Attorneys in Keller Rohrback’s Complex Litigation Group have a history of successfully representing individuals and class members in a wide range of important environmental litigation. Whether working for victims of oil spills, communities exposed to toxic materials, or people who purchased contaminated or defective products, Keller Rohrback’s team of experienced environmental litigators have helped to protect people and the environment across the country. For example, Keller Rohrback represented fishermen, landowners, and businesses located in Prince William Sound in their action against Exxon to recover damages caused by the Exxon Valdez Oil Spill. A federal jury awarded a $5 billion judgment in favor of Keller Rohrback clients.

If you would like more information regarding this case, please contact us toll free at 800.776.6044 or via email at

Bullseye Glass Timeline

Dec. 2013 – June 2014 – USFS collects, analyzes, and receives raw results for 346 moss and soil samples in Southeast Portland.

Nov. 2014 – Aug. 2015 – USFS collects, analyzes, and receives raw results for 164 additional moss samples from Portland Public Schools

June 2015 – DEQ identifies glass facilities as potential sources of cadmium and arsenic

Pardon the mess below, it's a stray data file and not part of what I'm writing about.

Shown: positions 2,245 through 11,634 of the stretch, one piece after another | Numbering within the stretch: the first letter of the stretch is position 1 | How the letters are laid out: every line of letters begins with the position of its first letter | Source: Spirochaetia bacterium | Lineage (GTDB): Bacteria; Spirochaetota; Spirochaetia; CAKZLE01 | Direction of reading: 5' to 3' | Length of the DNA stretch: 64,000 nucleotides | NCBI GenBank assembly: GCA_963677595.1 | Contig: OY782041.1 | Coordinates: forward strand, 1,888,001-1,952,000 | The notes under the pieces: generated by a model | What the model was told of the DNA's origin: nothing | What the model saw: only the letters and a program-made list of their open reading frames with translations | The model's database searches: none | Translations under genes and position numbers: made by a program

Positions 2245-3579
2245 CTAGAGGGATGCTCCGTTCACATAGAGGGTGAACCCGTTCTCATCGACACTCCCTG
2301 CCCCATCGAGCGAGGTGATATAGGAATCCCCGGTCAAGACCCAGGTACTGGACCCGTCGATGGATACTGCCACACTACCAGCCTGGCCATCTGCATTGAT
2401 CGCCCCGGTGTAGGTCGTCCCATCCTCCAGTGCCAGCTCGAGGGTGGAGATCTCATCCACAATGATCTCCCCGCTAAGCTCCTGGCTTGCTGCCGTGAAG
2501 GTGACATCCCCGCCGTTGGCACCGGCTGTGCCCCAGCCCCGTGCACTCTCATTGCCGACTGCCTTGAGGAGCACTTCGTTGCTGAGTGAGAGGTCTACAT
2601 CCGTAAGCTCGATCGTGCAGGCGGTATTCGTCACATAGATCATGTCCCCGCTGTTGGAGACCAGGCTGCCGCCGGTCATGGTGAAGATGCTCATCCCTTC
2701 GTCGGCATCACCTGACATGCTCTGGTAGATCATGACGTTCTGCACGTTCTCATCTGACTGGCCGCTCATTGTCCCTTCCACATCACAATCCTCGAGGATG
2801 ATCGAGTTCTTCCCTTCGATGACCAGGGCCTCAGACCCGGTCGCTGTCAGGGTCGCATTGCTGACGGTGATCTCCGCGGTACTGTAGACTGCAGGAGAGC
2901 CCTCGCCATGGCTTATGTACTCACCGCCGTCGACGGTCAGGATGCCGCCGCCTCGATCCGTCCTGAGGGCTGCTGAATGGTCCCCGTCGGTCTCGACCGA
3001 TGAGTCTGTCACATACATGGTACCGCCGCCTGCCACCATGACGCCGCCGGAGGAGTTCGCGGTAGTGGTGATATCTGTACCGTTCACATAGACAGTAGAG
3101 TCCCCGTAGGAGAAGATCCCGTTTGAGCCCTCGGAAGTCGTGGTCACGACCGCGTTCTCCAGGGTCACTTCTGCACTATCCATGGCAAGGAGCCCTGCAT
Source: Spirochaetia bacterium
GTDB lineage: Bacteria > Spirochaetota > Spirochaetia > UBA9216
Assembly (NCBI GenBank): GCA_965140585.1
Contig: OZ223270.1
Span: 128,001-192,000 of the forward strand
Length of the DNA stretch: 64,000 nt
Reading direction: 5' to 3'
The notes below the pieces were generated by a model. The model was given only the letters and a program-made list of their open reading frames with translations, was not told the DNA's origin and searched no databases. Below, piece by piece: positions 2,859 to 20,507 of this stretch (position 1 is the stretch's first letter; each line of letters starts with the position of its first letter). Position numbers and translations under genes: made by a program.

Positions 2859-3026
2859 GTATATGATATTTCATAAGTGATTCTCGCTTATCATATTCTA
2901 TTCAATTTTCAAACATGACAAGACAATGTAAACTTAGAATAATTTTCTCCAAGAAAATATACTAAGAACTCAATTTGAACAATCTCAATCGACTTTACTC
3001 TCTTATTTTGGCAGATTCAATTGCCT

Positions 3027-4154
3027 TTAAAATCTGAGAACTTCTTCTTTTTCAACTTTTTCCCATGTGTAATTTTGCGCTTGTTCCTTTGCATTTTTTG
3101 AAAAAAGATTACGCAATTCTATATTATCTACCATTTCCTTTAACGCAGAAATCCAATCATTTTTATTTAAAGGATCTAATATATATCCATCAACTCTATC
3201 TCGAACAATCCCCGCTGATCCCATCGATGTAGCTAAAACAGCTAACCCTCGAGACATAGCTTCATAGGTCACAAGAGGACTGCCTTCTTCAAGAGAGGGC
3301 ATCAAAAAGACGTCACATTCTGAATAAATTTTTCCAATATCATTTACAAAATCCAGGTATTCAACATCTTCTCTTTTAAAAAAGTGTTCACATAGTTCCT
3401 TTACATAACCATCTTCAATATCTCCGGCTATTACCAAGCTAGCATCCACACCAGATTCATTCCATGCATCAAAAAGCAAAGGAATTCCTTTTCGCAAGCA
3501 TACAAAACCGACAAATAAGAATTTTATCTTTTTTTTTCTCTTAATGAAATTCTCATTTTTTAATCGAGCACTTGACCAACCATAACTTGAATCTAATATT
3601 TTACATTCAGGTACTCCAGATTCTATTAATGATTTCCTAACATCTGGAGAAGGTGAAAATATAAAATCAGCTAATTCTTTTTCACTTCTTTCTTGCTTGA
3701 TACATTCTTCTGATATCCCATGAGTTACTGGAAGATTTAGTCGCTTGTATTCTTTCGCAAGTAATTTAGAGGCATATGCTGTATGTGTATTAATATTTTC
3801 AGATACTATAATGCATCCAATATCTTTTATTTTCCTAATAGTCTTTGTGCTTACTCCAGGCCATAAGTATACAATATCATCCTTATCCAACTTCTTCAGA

January 2016 – Oregon Department of Environmental Quality (DEQ) releases preliminary data from air quality monitoring that shows elevated levels of arsenic and cadmium near Southeast 22nd Avenue and Southeast Powell Boulevard. The DEQ concludes that the air toxins were likely related to emissions from the Bullseye Glass Company manufacturing facility located at 3722 SE 21st Avenue.

02/04/2016 – Bullseye Glass notifies DEQ that it temporarily suspended all glass manufacturing operations at its facility that use cadmium and arsenic compounds. Additionally, Bullseye Glass releases a statement saying that they engaged an environmental consulting firm to evaluate the data, perform additional testing and potentially explore longer term options, as informed by the data.

02/12/2016 – Bullseye Glass Company agrees to suspend use of hexavalent chromium, and further agrees to stop using cadmium and arsenic.

02/19/2016 – OHA recommends not eating vegetables grown within a half mile

02/23/2016 – The CEO and co-owner of Bullseye Glass writes a letter to Oregon lawmakers, agreeing to stop using arsenic indefinitely.

03/04/2016 – Bullseye files a Notice of Intent to Construct with the DEQ for the installation of a baghouse on one existing batch glass melting furnace. They say construction will start 3/15 and be complete by 4/5.